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'Dreamer' brothers deported after revealing college plans to ICE

People often come to this country in the hope that they will find better lives for themselves and their families. Often, they are brought here as children as their families flee horrific conditions in their home countries. These former child immigrants, often called "Dreamers," are generally considered blameless -- but that doesn't change their immigration status.

The Obama Administration gave protection to qualifying Dreamers through his 2012 Deferred Action for Childhood Arrivals, or DACA, program. The Trump Administration has not ended the program, but DACA is in jeopardy.

Unfortunately, not all Dreamers applied for or qualified for protection under DACA. Two El Salvadoran brothers who could have been poster children for Dreamer success were recently deported. It's not clear whether they applied for protection under DACA.

According to the Washington Post, the brothers, 19 and 22, are said to have entered the country illegally approximately eight years ago. Unfortunately, an immigration judge issued an order for removal in 2012. They were granted a stay in 2013, but further attempts to overturn the order had been unsuccessful.

The two young men have no criminal records. Their parents and two siblings live in the U.S.

Despite the removal order, the young men had remained in the U.S. and were leading quite successful lives. The older one, who has a "heart of gold," took extra classes to ensure he graduated from high school on time. The younger is an excellent soccer player who won a scholarship to attend Louisburg College in North Carolina.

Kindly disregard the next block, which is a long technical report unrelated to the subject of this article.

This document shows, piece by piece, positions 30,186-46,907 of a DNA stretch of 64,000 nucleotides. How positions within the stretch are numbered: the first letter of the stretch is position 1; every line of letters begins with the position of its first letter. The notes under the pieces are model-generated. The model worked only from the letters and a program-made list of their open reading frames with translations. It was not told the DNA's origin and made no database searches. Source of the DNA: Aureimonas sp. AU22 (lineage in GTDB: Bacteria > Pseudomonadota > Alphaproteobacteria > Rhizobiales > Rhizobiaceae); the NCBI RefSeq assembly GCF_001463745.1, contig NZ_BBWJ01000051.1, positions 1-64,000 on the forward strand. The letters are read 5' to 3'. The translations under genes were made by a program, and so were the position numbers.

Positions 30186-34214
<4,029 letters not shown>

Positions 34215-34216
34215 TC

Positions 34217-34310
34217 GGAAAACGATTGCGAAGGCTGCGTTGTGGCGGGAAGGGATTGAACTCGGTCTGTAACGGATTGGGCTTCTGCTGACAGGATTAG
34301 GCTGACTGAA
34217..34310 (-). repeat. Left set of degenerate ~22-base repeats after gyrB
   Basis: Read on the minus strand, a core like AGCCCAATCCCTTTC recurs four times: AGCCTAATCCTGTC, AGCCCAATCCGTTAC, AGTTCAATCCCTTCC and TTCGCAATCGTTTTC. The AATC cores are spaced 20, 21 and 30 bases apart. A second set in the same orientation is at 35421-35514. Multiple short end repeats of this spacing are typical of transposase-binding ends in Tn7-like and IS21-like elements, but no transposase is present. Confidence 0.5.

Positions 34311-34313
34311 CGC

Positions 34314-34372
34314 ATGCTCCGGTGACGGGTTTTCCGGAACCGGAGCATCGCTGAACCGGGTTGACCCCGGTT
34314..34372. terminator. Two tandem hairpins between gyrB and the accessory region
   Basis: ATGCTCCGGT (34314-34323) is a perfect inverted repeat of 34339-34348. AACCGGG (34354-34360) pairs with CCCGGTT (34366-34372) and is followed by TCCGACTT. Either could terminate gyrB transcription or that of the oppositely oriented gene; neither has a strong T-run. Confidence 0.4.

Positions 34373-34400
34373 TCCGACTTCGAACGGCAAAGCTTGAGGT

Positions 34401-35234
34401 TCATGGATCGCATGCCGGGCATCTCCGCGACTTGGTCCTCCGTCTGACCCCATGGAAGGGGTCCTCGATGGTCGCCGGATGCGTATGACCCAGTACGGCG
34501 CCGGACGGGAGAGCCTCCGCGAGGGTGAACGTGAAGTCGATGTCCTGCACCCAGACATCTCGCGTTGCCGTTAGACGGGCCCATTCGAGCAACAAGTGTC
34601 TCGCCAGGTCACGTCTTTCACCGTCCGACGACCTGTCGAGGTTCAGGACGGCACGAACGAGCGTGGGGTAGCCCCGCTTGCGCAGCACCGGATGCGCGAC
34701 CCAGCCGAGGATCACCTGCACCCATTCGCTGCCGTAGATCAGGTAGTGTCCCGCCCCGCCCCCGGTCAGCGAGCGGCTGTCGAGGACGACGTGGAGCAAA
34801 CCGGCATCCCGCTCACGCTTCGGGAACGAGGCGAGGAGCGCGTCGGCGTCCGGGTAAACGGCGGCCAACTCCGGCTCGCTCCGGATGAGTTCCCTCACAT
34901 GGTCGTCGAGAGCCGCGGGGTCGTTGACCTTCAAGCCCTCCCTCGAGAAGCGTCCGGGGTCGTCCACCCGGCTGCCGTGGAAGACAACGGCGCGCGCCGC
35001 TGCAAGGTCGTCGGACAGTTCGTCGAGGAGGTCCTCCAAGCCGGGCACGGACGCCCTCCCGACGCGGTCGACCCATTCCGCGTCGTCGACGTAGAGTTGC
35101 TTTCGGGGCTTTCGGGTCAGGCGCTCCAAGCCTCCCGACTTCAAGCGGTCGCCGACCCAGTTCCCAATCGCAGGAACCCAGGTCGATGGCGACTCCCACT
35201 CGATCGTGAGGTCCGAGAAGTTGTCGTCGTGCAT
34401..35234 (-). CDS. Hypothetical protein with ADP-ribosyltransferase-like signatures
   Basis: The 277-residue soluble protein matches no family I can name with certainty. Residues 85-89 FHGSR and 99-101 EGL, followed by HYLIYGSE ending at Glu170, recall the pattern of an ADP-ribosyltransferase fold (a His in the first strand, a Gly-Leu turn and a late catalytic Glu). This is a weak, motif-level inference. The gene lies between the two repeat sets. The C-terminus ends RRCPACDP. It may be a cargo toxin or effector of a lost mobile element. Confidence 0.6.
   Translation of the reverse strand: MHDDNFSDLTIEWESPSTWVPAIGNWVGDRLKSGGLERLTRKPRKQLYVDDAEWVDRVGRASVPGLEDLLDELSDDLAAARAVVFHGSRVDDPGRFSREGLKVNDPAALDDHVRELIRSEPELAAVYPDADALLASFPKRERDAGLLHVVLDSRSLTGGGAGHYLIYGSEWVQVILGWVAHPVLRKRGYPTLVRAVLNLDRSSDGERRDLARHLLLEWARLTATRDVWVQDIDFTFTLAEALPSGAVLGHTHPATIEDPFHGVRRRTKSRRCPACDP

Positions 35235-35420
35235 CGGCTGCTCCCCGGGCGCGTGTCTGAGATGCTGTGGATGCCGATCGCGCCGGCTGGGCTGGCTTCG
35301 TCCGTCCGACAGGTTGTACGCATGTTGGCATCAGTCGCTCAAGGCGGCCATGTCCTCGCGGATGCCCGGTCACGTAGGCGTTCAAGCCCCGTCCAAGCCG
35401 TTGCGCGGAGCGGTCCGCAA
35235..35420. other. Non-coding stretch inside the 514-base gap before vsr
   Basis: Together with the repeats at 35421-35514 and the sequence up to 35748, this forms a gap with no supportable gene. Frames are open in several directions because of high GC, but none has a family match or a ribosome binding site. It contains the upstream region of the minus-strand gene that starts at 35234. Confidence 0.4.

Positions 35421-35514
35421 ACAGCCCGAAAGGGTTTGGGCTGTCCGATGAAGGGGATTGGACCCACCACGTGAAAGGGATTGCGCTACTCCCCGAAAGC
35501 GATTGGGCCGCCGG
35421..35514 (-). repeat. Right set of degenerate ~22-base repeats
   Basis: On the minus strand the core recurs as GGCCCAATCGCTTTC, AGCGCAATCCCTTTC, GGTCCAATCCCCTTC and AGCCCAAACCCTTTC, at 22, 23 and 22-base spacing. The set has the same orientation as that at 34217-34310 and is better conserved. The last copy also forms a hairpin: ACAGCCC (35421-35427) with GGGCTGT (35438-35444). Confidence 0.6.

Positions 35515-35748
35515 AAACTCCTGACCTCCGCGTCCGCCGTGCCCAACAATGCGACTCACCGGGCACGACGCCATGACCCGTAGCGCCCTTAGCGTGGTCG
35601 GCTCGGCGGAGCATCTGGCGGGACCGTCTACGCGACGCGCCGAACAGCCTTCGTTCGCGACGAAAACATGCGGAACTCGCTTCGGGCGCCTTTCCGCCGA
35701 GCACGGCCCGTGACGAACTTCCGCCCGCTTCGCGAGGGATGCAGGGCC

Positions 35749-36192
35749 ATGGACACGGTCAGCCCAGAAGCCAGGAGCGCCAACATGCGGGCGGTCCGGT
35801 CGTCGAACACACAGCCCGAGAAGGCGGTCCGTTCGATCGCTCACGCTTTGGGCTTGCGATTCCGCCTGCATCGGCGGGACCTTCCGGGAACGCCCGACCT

With tragic irony, it was that scholarship that seems to have triggered their deportation. During a recent routine check-in with U.S. Immigration and Customs Enforcement, the 19 year-old told agents about his scholarship and college plans.

"The ICE agents told me they were deporting the kids because [the younger one] got into college, and that showed they intended to stay in the U.S.," said their attorney.

A spokesman for ICE denied that was the case. He said they were merely deported due to the 2012 removal order, and that decisions about the timing of deportations are made on a case-by-case basis.

The two young men were deported to El Salvador, a country with the highest murder rate in the hemisphere. The fact that they have been deported will make their efforts to re-enter the country legally very difficult and time-consuming.

Although some may say that no one who entered the U.S. illegally deserves the chance to stay, this decision broke up a family in order to deport two promising young men who had been brought here as children. Should deportations like this one be our nation's policy priority?

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